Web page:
Billion BiPAC 7800N
20th October 2010
The Billion BiPAC 7800N is the second router we've reviewed from Billion, we were suitably impressed with the 7300N and were hoping from more of the same from Billion.
The 7800N came in a fairly average sized box, containing all of the usual bits and pieces you would expect for setting up. Two different quick start guides seemed a little over the top, but hey we're all for helping people set up their routers correctly.
Billion haven't got a track record of making pretty routers, and the BiPAC 7800N continues the trend, the 7800N won't be winning any design awards in the near future. However, the biggest surprise to us was the size of the router itself - width and depth are fairly average but in height terms this is a chunky router. There's a comparison shot below next to an iphone 3G to give you some scale, but imagine one of the later Harry Potter books and you won't be too far off. The antennae when attached make the router wider again, although it's interesting to note that in this age of hidden aerials Billion has opted to put 3 external antennae on in a good configuration for signal reception. Read on to find out of this made a difference in our speed tests. So looks-wise the 7800N is big and not too pretty, but given that Billion are targeting it at office environments then this is perfectly reasonable.
Setting up the router was relatively easy, just plug in and open your browser and it defaults to the configuration screens and a wizard to help set up your system. One of Billion's unique selling points is that their routers work for both ADSL and Cable connections, making it both a wireless modem router and a wireless broadband router. Note that the router comes by default set for ADSL and you'll want to read the guides to set it up correctly for your cable modem if that is what you need.
The rest of the configuration screens are pleasant to look at and contain perhaps the most options we've seen in any router configuration. If you want to permanently assign an address to your NAS, no problem. Remotely managing your network, no problem. If you do purchase a 7800n you would be well advised to spend time working through the options to get the most out of it. That said, for the less technical out there, the default options (other than security) are pretty good. Our only complaint on the config is that the menu structure is a little confusing, there seem to be Basic and Advanced options in a number of menus as well as those being main menu sections. This is a minor complaint though for the flexibility of setup you get with the 7800N. Even the english is pretty good, not always the case from router manufacturers.
So, what about features? As mentioned above the router works for both ADSL (including 2+) and cable connections, and sports a 4port Gigabit ethernet switch. It is of course wireless N (300Mbps) and has all of the standard security features you would expect. There are Quality of Service (QoS) controls and a firewall built in, however there are no USB ports, so if you're planning on sharing a printer it will need to be network-enabled. It also has the biggest on/off button we've seen yet on a router, handy if you're remotely supporting someone through resetting it.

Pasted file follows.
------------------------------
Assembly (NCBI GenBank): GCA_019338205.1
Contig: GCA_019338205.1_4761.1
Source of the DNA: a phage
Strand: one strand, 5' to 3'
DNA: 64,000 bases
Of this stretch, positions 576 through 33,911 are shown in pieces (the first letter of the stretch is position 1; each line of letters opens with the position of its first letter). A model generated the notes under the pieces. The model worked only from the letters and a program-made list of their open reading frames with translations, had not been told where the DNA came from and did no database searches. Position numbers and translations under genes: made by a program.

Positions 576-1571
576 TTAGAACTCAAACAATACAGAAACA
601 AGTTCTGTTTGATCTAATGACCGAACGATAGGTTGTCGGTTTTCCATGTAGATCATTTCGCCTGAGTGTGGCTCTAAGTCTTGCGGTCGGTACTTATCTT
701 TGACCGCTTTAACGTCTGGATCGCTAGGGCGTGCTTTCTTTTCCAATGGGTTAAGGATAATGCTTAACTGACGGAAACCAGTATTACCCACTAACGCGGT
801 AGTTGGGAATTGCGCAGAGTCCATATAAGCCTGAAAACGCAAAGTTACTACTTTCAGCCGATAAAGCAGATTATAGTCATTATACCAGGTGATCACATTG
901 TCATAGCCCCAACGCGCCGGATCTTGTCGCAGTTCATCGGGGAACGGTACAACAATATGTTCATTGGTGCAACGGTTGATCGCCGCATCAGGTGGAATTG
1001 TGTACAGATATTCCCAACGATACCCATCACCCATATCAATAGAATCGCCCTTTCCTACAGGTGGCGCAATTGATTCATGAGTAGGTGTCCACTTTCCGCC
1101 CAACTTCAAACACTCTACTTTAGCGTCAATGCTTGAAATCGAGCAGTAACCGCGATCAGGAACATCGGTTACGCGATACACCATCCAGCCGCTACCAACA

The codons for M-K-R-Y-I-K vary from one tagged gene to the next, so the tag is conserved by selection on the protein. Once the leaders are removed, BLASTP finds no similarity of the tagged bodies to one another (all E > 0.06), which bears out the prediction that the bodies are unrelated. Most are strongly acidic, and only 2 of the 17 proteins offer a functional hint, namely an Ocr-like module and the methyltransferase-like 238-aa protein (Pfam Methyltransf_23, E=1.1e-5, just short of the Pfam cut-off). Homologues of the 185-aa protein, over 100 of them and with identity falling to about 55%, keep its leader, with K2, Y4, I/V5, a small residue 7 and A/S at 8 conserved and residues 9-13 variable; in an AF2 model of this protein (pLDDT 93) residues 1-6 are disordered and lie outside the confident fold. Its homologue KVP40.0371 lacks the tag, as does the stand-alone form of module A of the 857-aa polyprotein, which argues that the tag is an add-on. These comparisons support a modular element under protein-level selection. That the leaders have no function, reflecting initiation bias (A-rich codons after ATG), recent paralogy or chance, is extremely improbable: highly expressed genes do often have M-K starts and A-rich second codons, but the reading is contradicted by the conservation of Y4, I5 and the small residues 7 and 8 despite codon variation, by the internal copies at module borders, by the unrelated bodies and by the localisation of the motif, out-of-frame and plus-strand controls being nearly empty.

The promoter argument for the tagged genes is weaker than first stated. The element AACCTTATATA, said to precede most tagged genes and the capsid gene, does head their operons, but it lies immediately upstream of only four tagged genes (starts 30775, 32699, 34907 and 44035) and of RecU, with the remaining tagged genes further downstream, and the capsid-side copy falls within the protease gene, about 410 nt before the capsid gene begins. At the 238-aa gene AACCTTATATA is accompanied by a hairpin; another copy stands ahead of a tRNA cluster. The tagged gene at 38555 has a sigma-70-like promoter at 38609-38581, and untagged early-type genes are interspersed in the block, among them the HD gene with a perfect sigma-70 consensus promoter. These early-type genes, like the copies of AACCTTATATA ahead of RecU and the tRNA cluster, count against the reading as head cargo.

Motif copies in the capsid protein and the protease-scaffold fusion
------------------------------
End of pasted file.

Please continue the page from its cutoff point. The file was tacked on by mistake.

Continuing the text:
Not that you'll need to do much resetting, Billion pride themselves on the stability of their kit, and although we didn't have the kit for long enough to give you a lifetime style report we encountered no problems at all during the time that we had the router, and are pleased to report it didn't run as hot as many of its smaller competitors.
In speed terms we put it through our realworld tests (wireless desktop to cabled NAS and wireless desktop to wireless laptop) and you can see below the comparison with our benchmark Linksys WAG160n.
The BiPAC is slightly slower with an average of 5617 KBits/sec vs the Linksys 6772 KBits/sec in our TCP tests. We also noticed a lot more inconsistency of speeds with the Billion as packet-size varied. Of course both of these are single band routers and you would expect to see higher rates on dual-band routers. We did see some slow tests for UDP traffic on the 1.05 firmware, however this did not appear on a retest with an alpha version of 1.06 firmware.
Price-wise you tend to pay a slight premium for Billion routers with this one currently having a street-price of around ©120. However, this is a trade-off for the flexibility of the dual connection types and the increased stability you get from Billion.
Overall, we would say that for a simple home setup, or someone desperate to squeeze the last drop of speed out of their router this is probably not for you. However, for a complicated home setup or a small office this is a great bit of kit with all the configuration options you could want and a rock-solid connection. For small offices we are happy to award this router our BestRouter Approved status.